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PKCS#11 (Cryptoki) Support

Public Key Cryptography Standard #11 (PKCS#11) defines a platform-independent API for the control of hardware security modules (HSMs) and other cryptographic support devices.

BIND 9 is known to work with three HSMs: the AEP Keyper, which has been tested with Debian Linux, Solaris x86, and Windows Server 2003; the Thales nShield, tested with Debian Linux; and the Sun SCA 6000 cryptographic acceleration board, tested with Solaris x86. In addition, BIND can be used with all current versions of SoftHSM, a software-based HSM simulator library produced by the OpenDNSSEC project.

PKCS#11 uses a "provider library": a dynamically loadable library which provides a low-level PKCS#11 interface to drive the HSM hardware. The PKCS#11 provider library comes from the HSM vendor, and it is specific to the HSM to be controlled.

There are two available mechanisms for PKCS#11 support in BIND 9: OpenSSL-based PKCS#11 and native PKCS#11. With OpenSSL-based PKCS#11, BIND uses a modified version of OpenSSL, which loads the provider library and operates the HSM indirectly; any cryptographic operations not supported by the HSM can be carried out by OpenSSL instead. Native PKCS#11 enables BIND to bypass OpenSSL completely; BIND loads the provider library itself, and uses the PKCS#11 API to drive the HSM directly.


See the documentation provided by the HSM vendor for information about installing, initializing, testing, and troubleshooting the HSM.

Native PKCS#11

Native PKCS#11 mode only works with an HSM capable of carrying out every cryptographic operation BIND 9 may need. The HSM's provider library must have a complete implementation of the PKCS#11 API, so that all these functions are accessible. As of this writing, only the Thales nShield HSM and SoftHSMv2 can be used in this fashion. For other HSMs, including the AEP Keyper, Sun SCA 6000, and older versions of SoftHSM, use OpenSSL-based PKCS#11. (Note: Eventually, when more HSMs become capable of supporting native PKCS#11, it is expected that OpenSSL-based PKCS#11 will be deprecated.)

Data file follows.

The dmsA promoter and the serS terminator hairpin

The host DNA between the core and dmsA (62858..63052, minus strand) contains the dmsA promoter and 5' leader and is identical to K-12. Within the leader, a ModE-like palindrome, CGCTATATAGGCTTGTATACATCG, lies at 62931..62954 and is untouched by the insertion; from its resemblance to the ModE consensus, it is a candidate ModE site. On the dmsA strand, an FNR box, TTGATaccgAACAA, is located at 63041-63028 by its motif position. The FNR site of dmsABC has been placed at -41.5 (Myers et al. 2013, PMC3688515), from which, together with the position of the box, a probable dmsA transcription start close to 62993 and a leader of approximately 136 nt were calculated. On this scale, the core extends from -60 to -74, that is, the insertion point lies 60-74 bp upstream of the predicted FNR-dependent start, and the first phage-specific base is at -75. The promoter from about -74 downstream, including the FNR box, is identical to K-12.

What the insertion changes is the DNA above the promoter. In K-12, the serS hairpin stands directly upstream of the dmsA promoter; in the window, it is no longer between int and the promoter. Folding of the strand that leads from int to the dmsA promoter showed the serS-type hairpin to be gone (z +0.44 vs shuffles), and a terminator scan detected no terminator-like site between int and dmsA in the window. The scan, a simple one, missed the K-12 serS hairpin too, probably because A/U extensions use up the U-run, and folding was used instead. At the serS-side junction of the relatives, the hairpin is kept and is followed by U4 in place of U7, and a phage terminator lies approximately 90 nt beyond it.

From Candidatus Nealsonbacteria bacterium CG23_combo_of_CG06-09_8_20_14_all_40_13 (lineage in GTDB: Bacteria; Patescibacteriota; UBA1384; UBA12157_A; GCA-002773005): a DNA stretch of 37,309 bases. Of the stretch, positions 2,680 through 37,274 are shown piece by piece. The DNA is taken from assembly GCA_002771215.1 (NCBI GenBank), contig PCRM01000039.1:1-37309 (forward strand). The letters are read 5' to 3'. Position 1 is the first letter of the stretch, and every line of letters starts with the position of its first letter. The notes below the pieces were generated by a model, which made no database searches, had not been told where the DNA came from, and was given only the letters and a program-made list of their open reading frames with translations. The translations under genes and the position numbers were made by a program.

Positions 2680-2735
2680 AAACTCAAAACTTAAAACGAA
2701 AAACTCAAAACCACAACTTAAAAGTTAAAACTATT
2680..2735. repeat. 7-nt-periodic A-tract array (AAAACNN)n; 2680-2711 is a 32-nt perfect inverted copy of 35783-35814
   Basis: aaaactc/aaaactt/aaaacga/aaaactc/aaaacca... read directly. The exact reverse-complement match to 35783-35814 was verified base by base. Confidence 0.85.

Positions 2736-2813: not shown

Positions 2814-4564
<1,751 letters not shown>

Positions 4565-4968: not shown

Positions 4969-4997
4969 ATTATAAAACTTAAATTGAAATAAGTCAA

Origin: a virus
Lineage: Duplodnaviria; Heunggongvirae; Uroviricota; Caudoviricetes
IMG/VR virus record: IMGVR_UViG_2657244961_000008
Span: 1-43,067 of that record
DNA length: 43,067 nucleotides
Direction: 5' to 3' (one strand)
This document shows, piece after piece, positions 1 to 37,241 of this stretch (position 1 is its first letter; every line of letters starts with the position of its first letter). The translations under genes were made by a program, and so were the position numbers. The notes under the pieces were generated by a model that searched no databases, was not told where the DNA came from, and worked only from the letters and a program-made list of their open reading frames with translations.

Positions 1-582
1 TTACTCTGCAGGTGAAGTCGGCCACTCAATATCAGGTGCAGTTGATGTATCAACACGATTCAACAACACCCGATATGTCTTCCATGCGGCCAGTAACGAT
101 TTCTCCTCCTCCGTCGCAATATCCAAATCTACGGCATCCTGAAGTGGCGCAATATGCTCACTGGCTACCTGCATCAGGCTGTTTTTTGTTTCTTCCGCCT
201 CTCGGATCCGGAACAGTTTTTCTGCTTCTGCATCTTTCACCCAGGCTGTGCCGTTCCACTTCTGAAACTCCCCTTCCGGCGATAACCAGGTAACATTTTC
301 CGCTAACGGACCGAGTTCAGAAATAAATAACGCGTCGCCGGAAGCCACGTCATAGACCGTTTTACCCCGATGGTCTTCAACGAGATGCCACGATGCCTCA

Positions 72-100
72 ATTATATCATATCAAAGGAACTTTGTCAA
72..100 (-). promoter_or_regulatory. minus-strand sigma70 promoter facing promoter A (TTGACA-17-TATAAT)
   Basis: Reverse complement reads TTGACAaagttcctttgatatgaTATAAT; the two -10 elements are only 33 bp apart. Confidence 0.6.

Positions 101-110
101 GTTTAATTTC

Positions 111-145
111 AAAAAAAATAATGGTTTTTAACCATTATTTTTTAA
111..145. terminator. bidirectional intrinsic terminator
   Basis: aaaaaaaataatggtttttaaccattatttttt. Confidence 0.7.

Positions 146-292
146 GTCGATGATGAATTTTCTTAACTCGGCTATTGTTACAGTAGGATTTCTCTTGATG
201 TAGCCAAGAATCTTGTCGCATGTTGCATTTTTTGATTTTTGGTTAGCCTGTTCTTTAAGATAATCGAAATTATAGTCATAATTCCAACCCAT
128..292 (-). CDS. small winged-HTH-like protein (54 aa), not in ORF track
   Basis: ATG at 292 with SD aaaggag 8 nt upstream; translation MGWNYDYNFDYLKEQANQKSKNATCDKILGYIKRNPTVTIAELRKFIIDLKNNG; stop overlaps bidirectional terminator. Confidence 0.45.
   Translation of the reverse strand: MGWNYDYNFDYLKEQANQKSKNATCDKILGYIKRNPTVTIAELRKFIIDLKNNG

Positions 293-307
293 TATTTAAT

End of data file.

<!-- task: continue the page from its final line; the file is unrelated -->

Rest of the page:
To build BIND with native PKCS#11, configure it as follows:

$ cd bind9
$ ./configure --enable-native-pkcs11 \

This causes all BIND tools, including named and the dnssec-* and pkcs11-* tools, to use the PKCS#11 provider library specified in provider-library-path for cryptography. (The provider library path can be overridden using the -E argument in named and the dnssec-* tools, or the -m argument in the pkcs11-* tools.)

Building SoftHSMv2

SoftHSMv2, the latest development version of SoftHSM, is available from https://github.com/opendnssec/SoftHSMv2. It is a software library developed by the OpenDNSSEC project (http://www.opendnssec.org) which provides a PKCS#11 interface to a virtual HSM, implemented in the form of a SQLite3 database on the local filesystem. It provides less security than a true HSM, but it allows users to experiment with native PKCS#11 when an HSM is not available. SoftHSMv2 can be configured to use either OpenSSL or the Botan library to perform cryptographic functions, but when using it for native PKCS#11 in BIND, OpenSSL is required.

By default, the SoftHSMv2 configuration file is prefix/etc/softhsm2.conf (where prefix is configured at compile time). This location can be overridden by the SOFTHSM2_CONF environment variable. The SoftHSMv2 cryptographic store must be installed and initialized before using it with BIND.

$  cd SoftHSMv2
$  configure --with-crypto-backend=openssl --prefix=/opt/pkcs11/usr
$  make
$  make install
$  /opt/pkcs11/usr/bin/softhsm-util --init-token 0 --slot 0 --label softhsmv2

OpenSSL-based PKCS#11

OpenSSL-based PKCS#11 uses engine_pkcs11 OpenSSL engine from libp11 project.

For more information, see https://gitlab.isc.org/isc-projects/bind9/-/wikis/BIND-9-PKCS11

PKCS#11 Tools

BIND 9 includes a minimal set of tools to operate the HSM, including pkcs11-keygen to generate a new key pair within the HSM, pkcs11-list to list objects currently available, pkcs11-destroy to remove objects, and pkcs11-tokens to list available tokens.

In UNIX/Linux builds, these tools are built only if BIND 9 is configured with the --with-pkcs11 option. (Note: If --with-pkcs11 is set to yes, rather than to the path of the PKCS#11 provider, the tools are built but the provider is left undefined. Use the -m option or the PKCS11_PROVIDER environment variable to specify the path to the provider.)

Using the HSM

For OpenSSL-based PKCS#11, the runtime environment must first be set up so the OpenSSL and PKCS#11 libraries can be loaded:

$ export LD_LIBRARY_PATH=/opt/pkcs11/usr/lib:${LD_LIBRARY_PATH}

This causes named and other binaries to load the OpenSSL library from /opt/pkcs11/usr/lib, rather than from the default location. This step is not necessary when using native PKCS#11.